Do not refer to LG Nova, the company’s incubation program, as a corporate venture capital (CVC) firm. LG Nova is the business’s experimental playground, where it collaborates with entrepreneurs to investigate areas where the company has identified regions suitable for future growth. LG Nova is rolling up its sleeves and investigating future variants, backed by a large — and rapidly growing — crew and a strong budget.
Sokwoo Rhee, LG’s corporate SVP and head of the North America Innovation Center – LG Nova among friends — is the subject of my conversation below. The interview has been edited for length and clarity. “Do we have a CVC?” No, that is not the case. “No way,” Rhee stated emphatically. “As you may know, CVC is a venture capital firm. Their ultimate goal is to generate a large profit. As a result, they invest in firms that have the potential to increase their market value. We are not that; we invest, and while we care about the success of the company, we are far more interested in the success of the business we might build together.
However, if there is a chance to expand the business with us, and if that firm has something, we need to grow our business, we will invest and collaborate with them. We will do a proof of concept (POC) and invest our resources in the startup. In addition, monetary investment is only one component of that. We are far more interested in forming joint ventures and businesses. We may even make outright acquisitions of select companies. We are more of a business creation play than a financial play at CVC.
“LG Electronics is one of the world’s largest appliance manufacturers. We are doing well, but we also want to look ahead, notably at sectors where we believe there is room for future growth, but where LG is not currently active. LG Nova is for locations where LG wishes to expand but is not currently doing so. We formed this center last year to figure out what those things are and to grow new enterprises in the new sectors of future growth.” The team came up with five main areas of concentration, each specifically targeting sectors of the market where LG can use its platform and ecosystem assets to expand its innovation reach. Digital health, the metaverse, electric vehicle infrastructure, and “smart living” are the four categories.
Smart homes, home automation, and living smarter through the power of technology are all part of the latter. LG Nova also emphasizes a broad responsibility to examine representation across all of the categories it serves. “We look for things like supporting underserved communities and products and services that can improve quality of life in communities,” Rhee explained. “Corporate innovation has occurred in the past, but many of them began internally. You go to a lot of R&D facilities and innovation projects, and you spend a lot of time in the lab trying to come up with fresh ideas while working within existing frameworks. We are taking a different approach — we are using what is known as “outside-in” innovation.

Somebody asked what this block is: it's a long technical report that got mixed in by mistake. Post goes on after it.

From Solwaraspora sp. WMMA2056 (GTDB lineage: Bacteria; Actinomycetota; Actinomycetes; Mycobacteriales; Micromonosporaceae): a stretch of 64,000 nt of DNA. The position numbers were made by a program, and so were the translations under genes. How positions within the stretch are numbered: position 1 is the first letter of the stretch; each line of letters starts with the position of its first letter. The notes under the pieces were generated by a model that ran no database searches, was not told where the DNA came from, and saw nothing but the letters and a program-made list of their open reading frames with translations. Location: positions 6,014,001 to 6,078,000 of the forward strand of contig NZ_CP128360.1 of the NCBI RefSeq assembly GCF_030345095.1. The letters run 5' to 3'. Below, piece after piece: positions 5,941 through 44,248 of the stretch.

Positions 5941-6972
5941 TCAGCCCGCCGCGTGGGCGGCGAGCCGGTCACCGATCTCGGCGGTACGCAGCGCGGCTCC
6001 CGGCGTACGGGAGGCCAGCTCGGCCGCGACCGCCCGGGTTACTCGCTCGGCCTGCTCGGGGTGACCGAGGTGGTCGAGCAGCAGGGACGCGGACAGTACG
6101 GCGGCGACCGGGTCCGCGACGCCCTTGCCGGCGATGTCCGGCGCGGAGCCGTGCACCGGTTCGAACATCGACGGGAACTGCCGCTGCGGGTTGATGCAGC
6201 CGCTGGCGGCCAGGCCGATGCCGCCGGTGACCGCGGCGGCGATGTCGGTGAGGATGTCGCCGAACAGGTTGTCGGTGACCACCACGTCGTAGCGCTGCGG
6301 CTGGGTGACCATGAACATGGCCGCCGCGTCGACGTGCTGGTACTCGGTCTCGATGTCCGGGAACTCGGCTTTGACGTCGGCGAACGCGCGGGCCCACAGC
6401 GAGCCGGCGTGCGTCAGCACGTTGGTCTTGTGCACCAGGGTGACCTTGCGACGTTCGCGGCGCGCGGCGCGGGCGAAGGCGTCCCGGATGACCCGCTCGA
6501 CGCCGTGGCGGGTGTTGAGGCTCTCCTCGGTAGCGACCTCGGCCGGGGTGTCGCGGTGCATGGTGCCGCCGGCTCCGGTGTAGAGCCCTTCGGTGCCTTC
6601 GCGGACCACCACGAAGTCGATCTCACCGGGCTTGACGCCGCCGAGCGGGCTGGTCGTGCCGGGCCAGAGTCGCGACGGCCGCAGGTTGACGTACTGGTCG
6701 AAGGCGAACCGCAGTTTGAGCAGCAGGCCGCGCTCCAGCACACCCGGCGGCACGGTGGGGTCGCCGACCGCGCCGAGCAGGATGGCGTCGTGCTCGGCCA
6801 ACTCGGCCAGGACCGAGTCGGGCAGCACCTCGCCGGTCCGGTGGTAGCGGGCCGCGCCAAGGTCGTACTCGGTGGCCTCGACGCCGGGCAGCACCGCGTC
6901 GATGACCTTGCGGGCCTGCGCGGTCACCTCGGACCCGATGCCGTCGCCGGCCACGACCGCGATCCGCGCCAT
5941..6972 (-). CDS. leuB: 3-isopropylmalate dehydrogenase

LG Nova does not have R&D capabilities, and this is on purpose. We have some engineers on staff, but we will not be developing completely new products in-house. Instead, we want to encourage external entities — such as startups — to contribute ideas and collaborate with LG Electronics in this new area of future growth. We want to figure out how we can collaborate to start new enterprises.
“When I say new businesses, I’m referring to a variety of things. If the idea, recommendations, and cooperation score a home run, we are happy to form a new business unit. So far, it appears to be similar to any other corporate incubator. The devil, though, is in the details, and LG Nova adds a number of interesting wrinkles to the corporate accelerator mix. The strategy it takes with its startups is significantly more comprehensive than the “send a check and hope for the best” and “here are some customers, good luck” approaches used by many other corporations.